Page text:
William ‘Bill’ James Macavoy Locke

July 20, 2015

LOCKE, William James -‘Jack’ Macavoy- – – – SPC 1907-1911

DoB:- – 14 Aug 1894, St Kilda, VIC

Father:- – Samuel James Locke

Mother:- – Bessie, nee Macavoy

In the College Annual of 1916-1917, there was an extensive report about Jack Locke’s experiences at Gallipoli:

-‘Captain W J Locke, who was known as the -popular boy- at St Patrick’s, brought to perfection on the battlefield the sterling qualities which distinguished him at College. Jack neither forgot nor neglected his religious training at SPC. The Army Chaplain (Father Power) at Gallipoli, stated that Jack was of great assistance to him in serving Mass and keeping his men -up to the mark- in attending the Holy Sacrifice, showing that he did not forget to serve God as well as his country.

The following account from a newspaper cutting gives the main particulars which led up to Captain Locke obtaining the DSO -“

“NIGHT ATTACK, 27 Sept 1915.

All Saturday was occupied in securing the line, and in sorting out units that had become mixed up during the night. There was no more work however, for the tired troops. As soon as darkness set in, with the British and Indian Brigades on the right, a determined assault was delivered on the main spur, which had been marked as the brigade’s final stopping place. It was a young Duntroon officer who led the way by compass, the 15th, 14th and 16th Battalion, in that order, forming the attacking force, with the New South Wales unit in reserve. Immediate opposition was met, and a fierce fight followed, in which Queensland troops were the most heavily engaged. Their duty was to make a reconnaissance in force to the north, with a view to distracting as many of the Turks as possible from the main attack. The battle necessitated as advance of about two miles into terribly rough country, teeming with the enemy, and an enormous number of machine guns were brought into play from the Turkish flanks. The brigade, however, maintained the fight in the darkness for over three hours, while Ghurkas sealed the neighbouring heights. When the task set the Australians had been achieved, they withdrew to a defensive position on the main spur of Abd-el-raham Bair, where I left them, snug and well dug in, prepared to resist any force the enemy can put into the field.”

Service No:- –

Rank:- – Captain, later Major

Unit:- – 13th Battalion

Jack Locke was appointed on 3 November, 1914 aged 20 years. He was a professional soldier who had already attained the rank of Lieutenant at the Royal Military College, Duntroon.

He embarked from Melbourne on 22 December 1914, and after undergoing preparation and training in Egypt, was attached to the 4th Infantry Brigade and proceeded to Gallipoli.

On 27 December 1915, he left the Turkish Peninsula, and after some time resting and undergoing further training in Egypt, he left Alexandria on 28 May 1916 and proceeded to Marseilles. In France, he rejoined the 13th Battalion, and was promoted to the rank of Major on 11 November 1916.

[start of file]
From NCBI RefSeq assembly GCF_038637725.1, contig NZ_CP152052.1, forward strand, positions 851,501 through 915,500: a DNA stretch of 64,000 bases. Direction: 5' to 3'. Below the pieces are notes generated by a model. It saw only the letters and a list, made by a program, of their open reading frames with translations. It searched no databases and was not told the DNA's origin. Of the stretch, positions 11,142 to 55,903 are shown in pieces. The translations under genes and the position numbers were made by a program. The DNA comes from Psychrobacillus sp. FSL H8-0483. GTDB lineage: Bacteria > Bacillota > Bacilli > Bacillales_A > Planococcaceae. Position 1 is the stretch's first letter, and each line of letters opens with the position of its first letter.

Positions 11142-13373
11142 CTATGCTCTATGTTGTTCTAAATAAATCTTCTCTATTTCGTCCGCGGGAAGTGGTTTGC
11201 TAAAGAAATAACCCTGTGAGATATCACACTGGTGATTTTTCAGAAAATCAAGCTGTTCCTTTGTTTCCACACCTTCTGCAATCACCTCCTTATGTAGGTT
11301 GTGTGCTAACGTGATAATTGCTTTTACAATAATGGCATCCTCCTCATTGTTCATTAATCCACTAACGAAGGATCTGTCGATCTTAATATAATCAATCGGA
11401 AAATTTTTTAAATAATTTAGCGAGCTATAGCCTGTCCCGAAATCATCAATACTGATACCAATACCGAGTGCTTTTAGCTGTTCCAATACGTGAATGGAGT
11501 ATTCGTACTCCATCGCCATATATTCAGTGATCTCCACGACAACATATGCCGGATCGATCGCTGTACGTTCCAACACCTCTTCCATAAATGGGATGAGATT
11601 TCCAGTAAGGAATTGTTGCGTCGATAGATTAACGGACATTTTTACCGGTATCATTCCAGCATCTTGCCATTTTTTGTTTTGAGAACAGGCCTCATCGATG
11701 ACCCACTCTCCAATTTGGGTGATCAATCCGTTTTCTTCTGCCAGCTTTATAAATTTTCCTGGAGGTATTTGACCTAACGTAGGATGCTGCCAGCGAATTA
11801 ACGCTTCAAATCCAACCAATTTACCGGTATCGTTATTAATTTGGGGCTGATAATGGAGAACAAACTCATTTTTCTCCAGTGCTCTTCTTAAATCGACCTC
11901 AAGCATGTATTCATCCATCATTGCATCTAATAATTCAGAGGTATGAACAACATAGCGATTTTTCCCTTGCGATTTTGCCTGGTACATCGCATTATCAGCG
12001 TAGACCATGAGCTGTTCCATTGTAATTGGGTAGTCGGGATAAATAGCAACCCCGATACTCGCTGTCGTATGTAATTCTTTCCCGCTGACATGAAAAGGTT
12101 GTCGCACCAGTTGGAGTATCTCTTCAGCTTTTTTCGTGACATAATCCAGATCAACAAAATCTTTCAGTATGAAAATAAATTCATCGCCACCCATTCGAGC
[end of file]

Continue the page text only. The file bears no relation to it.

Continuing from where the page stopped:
Jack’s father was notified by cable on 1 December 1916, that his son was -‘Mentioned in Dispatches’ for his outstanding service:

– -‘Dear Sir, I have much pleasure in forwarding herewith copy of extract from Fourth Supplement, No 29664, to the London Gazette of 11th July 1916, relating to the conspicuous service rendered by your son, Captain W J Locke, 13th Battalion.


With reference to the despatch published on the 10th April, the following are mentioned for distinguished and gallant services rendered during the period of General Sir Charles Munro’s Command of the Mediterranean Expeditionary Force:-


The above had been promulgated in Commonwealth of Australia Gazette, No 176, of 30th November 1916.’

Major Locke was transferred on 14 February 1917 to England, to attend a staff course at Clare College, Cambridge. In March, he proceeded to France again, rejoining his unit as Brigade Major. A report written after Locke finished this course noted that:

Major WJM Locke, MC (age 22 -½) 13th Battalion has been a Staff Captain for 14 months and has been appointed Brigade Major since coming to this course. He is very intelligent and a very quick worker and should do well. Has served in Egypt, Gallipoli and France’.

Later that year, in September 1917, he was returned to Australia aboard the Borda, disembarking at Melbourne on 21 November 1917.

William Locke continued his military career into the Second World War. He was General Staff Officer 1, in the 3rd Australian Infantry Division between December 1938 and November 1939. The following year, 1940 he was appointed Colonel General Staff, Eastern Command. In September 1941 he was Commanding Officer, 2nd Australian Armoured Brigade, then General Officer Commanding 2nd Australian Cavalry Division, followed by General Officer Commanding 2nd Australian Motor Division in 1942-1943. In 1943 he was the Chief Administration Officer Northern Territory Force, and at the end of the war was Chairman of the Permanent Post-War Planning Committee.

William James Macavoy Locke died at the age of 67, on 3 April 1962. He was buried at the St Kilda Cemetery, Melbourne.